Here is a question for me to ramble about today: Why am I prejudiced against fiction?
Or am I? I can think of some fiction books that I enjoyed. After I finished them, I felt as if I had eaten a wholesome meal. Some of them stayed with me for a while. I think of such books as Stephen King’s Insomnia or The Stand, or Ayn Rand’s Atlas Shrugged, or Frank Peretti’s The Visitation.
But there is a part of me that feels that, when I am reading a fictional book, I am wasting my time. I feel more like I have accomplished something after reading a below-average non-fiction book, than I do when I have read an average or slightly above-average fiction book. Maybe part of my problem is that so many fiction books these days are written at the sixth-grade level, so I feel as if they are a waste of my time. Maybe I want to appear smart to others, and I fear that they would not be impressed with my reading of certain popular fictional works. Or maybe my problem is that I think fiction-books present a made-up situation and made-up characters, and I prefer what is real. (Of course, postmodernists can have a heyday questioning my assumptions, there!) Another consideration: so many fiction books look the same. They have similar characters, plots, etc. I say this from my limited standpoint. Imagine what people who have read a lot of fiction books for years might think!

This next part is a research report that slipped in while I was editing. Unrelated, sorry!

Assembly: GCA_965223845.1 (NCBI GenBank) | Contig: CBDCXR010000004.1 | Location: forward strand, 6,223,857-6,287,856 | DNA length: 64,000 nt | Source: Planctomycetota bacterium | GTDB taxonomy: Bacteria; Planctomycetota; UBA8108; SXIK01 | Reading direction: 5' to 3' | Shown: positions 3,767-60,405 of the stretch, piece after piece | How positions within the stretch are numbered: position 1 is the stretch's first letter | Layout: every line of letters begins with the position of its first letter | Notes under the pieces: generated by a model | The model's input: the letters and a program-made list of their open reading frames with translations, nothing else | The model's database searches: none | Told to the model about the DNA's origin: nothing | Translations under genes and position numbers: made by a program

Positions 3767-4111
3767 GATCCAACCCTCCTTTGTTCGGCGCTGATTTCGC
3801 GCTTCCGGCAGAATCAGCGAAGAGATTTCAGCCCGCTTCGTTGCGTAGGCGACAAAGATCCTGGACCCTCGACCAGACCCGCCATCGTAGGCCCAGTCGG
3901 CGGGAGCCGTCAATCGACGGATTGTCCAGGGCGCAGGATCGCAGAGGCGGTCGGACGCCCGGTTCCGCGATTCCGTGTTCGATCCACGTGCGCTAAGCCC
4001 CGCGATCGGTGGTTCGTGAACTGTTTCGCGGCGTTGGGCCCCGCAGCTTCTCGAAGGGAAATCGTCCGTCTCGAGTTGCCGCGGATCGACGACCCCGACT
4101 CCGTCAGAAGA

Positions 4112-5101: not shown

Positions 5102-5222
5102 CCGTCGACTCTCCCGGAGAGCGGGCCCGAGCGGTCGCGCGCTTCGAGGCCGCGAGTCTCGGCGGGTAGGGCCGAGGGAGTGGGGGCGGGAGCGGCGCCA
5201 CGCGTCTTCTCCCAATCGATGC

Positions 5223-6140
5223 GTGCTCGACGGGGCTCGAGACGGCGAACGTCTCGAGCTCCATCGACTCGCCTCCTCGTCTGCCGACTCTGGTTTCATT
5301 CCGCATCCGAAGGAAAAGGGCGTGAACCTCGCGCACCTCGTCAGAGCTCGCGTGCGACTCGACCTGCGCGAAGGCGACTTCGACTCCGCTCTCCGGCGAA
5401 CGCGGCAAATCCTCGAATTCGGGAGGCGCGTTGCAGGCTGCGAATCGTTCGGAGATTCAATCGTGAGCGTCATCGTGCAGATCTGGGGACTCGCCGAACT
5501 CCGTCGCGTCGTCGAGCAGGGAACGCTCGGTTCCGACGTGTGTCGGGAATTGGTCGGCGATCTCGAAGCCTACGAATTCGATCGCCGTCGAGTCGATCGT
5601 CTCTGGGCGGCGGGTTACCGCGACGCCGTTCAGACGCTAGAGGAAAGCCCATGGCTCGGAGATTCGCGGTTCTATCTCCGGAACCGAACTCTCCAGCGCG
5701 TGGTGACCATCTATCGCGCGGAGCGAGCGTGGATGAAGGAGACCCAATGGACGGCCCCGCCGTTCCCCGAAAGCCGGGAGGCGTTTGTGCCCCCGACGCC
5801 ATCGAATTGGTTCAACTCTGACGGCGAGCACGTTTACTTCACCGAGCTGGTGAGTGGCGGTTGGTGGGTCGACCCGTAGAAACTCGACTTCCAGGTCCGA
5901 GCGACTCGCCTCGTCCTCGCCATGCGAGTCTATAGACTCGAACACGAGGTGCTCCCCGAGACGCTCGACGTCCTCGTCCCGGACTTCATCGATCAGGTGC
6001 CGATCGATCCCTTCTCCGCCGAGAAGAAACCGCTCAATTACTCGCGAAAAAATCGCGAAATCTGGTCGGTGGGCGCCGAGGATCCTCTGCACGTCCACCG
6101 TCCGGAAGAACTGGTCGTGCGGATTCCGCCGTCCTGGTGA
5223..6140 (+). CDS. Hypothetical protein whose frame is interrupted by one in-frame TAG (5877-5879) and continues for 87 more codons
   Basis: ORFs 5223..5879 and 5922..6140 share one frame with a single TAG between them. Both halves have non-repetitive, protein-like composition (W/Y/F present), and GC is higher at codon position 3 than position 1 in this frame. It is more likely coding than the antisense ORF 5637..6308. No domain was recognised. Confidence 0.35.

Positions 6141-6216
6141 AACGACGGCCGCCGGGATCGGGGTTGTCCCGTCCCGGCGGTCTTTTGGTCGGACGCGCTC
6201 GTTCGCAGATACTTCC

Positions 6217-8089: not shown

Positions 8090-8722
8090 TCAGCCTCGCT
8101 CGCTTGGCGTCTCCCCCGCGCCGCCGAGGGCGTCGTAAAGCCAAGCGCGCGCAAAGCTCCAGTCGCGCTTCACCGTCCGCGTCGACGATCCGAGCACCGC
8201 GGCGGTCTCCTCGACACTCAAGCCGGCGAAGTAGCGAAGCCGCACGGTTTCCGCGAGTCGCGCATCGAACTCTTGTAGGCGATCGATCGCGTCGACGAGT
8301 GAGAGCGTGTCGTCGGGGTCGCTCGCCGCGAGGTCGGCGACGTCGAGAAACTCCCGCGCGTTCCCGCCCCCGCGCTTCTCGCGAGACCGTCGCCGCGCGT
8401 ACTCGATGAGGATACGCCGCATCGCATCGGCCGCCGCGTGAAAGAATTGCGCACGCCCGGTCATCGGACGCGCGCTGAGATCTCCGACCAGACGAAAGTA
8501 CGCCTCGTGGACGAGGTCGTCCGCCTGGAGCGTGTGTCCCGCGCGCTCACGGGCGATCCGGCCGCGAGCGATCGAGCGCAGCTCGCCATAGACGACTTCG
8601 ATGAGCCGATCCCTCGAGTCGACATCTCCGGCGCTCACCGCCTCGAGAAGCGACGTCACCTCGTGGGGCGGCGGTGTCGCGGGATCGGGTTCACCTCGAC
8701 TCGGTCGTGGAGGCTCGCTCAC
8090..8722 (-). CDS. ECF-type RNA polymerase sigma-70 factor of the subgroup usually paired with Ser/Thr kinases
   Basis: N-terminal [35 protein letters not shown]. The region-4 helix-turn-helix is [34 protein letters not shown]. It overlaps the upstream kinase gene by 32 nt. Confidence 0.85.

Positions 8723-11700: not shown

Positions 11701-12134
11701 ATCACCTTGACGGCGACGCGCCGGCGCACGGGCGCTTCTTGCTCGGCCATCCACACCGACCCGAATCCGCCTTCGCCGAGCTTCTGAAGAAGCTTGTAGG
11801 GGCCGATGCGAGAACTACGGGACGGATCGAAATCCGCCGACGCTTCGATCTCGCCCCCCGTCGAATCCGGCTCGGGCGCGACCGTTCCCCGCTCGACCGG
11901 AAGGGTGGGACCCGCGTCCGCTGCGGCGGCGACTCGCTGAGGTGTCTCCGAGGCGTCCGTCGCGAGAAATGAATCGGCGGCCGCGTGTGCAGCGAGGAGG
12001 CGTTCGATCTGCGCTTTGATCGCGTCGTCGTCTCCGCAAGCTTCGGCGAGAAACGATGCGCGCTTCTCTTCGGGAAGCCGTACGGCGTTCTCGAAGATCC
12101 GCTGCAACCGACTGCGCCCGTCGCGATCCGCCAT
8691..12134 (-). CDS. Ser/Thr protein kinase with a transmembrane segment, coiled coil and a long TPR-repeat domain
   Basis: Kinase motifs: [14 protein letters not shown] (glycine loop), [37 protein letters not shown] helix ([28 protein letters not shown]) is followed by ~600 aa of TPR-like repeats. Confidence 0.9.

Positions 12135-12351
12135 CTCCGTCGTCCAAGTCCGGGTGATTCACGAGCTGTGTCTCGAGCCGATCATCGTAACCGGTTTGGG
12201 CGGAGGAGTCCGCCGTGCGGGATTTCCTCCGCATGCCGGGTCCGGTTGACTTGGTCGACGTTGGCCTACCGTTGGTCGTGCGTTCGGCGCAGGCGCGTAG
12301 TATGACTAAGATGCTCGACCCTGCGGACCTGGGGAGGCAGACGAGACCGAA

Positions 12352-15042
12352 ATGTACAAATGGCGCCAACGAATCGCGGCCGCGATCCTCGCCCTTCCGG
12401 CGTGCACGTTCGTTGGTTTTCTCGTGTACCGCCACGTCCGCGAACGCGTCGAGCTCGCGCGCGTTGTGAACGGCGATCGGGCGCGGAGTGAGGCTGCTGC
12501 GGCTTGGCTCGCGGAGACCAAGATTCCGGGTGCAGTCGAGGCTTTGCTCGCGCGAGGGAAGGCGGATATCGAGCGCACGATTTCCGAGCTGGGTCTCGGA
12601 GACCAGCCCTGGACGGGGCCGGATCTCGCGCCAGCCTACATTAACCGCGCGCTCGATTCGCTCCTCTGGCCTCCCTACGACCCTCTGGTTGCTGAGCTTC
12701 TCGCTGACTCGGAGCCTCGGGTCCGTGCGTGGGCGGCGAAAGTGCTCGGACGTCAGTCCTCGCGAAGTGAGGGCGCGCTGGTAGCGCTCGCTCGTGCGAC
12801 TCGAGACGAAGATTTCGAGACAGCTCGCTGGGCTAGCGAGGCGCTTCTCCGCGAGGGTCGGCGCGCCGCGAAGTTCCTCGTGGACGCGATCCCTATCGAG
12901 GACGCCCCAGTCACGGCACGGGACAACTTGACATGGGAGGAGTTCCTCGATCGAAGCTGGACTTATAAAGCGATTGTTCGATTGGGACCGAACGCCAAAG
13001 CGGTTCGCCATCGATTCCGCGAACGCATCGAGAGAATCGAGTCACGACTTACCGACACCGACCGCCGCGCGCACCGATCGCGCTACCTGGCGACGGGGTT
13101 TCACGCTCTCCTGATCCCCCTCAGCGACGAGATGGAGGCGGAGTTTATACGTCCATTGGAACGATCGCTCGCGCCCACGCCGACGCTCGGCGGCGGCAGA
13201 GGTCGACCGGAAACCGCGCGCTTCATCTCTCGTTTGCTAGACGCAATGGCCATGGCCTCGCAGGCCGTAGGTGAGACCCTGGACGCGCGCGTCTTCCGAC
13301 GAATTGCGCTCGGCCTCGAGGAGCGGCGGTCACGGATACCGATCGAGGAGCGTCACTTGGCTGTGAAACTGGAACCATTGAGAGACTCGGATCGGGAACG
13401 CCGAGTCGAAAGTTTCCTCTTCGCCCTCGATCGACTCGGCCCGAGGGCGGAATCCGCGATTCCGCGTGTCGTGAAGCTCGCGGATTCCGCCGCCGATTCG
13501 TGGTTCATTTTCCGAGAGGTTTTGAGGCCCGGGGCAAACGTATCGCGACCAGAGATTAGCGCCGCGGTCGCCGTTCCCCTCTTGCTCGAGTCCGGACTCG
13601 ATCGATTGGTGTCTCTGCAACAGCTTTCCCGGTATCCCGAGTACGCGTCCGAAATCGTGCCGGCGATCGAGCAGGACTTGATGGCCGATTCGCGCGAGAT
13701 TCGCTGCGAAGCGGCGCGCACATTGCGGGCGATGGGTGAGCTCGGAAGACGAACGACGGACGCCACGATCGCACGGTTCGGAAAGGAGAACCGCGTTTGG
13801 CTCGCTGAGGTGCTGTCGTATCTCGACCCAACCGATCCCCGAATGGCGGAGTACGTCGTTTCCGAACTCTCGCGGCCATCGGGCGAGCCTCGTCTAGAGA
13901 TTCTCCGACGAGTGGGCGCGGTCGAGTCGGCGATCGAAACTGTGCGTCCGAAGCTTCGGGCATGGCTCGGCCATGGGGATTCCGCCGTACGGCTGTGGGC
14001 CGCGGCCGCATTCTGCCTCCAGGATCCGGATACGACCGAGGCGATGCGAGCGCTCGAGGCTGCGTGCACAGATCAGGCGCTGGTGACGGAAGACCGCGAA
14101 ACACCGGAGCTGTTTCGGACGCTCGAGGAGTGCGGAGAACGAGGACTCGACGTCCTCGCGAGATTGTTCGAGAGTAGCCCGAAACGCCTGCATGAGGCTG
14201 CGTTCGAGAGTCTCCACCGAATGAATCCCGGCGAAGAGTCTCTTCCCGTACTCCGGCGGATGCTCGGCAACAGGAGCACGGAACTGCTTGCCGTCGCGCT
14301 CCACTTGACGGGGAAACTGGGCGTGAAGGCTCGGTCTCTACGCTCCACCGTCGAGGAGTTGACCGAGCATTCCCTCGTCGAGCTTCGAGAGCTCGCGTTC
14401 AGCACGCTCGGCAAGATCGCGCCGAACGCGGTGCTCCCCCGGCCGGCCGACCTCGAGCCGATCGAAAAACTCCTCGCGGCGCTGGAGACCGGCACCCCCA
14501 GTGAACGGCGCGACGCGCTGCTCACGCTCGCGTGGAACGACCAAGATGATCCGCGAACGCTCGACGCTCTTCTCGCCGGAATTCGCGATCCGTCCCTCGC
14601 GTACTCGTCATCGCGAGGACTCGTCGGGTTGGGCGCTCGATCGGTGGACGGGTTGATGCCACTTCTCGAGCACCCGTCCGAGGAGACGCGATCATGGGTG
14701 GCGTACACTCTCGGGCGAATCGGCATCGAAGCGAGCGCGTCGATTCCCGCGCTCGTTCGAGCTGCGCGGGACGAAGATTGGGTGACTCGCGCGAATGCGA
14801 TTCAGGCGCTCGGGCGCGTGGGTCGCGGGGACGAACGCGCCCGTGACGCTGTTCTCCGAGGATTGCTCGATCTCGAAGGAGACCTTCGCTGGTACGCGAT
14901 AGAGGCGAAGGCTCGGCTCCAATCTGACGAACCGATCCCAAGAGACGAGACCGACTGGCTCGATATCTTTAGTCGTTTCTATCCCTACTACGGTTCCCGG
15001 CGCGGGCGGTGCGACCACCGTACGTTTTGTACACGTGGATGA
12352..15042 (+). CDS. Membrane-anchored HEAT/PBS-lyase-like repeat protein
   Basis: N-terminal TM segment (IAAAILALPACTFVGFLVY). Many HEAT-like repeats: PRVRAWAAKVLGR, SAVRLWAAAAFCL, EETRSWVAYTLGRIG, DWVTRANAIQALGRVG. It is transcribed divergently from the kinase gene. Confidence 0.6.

For some reason, I do not have the same problem with movies or TV shows. The reason could be that I am seeing and hearing the characters, and that makes them seem real to me. I don’t know. The thing is, books may actually present a more realistic picture because they look at characters’ thoughts and feelings.
I can probably argue the opposite—-in favor of fiction over non-fiction. There are plenty of non-fiction books that cover things that I do not care about. They can be really dry. There is a part of me that likes to read about the human—-human struggles, human virtues, human vices. When I can identify with a character or person, that is even better. There are non-fiction books that explore this territory. There are fiction books that do this, too.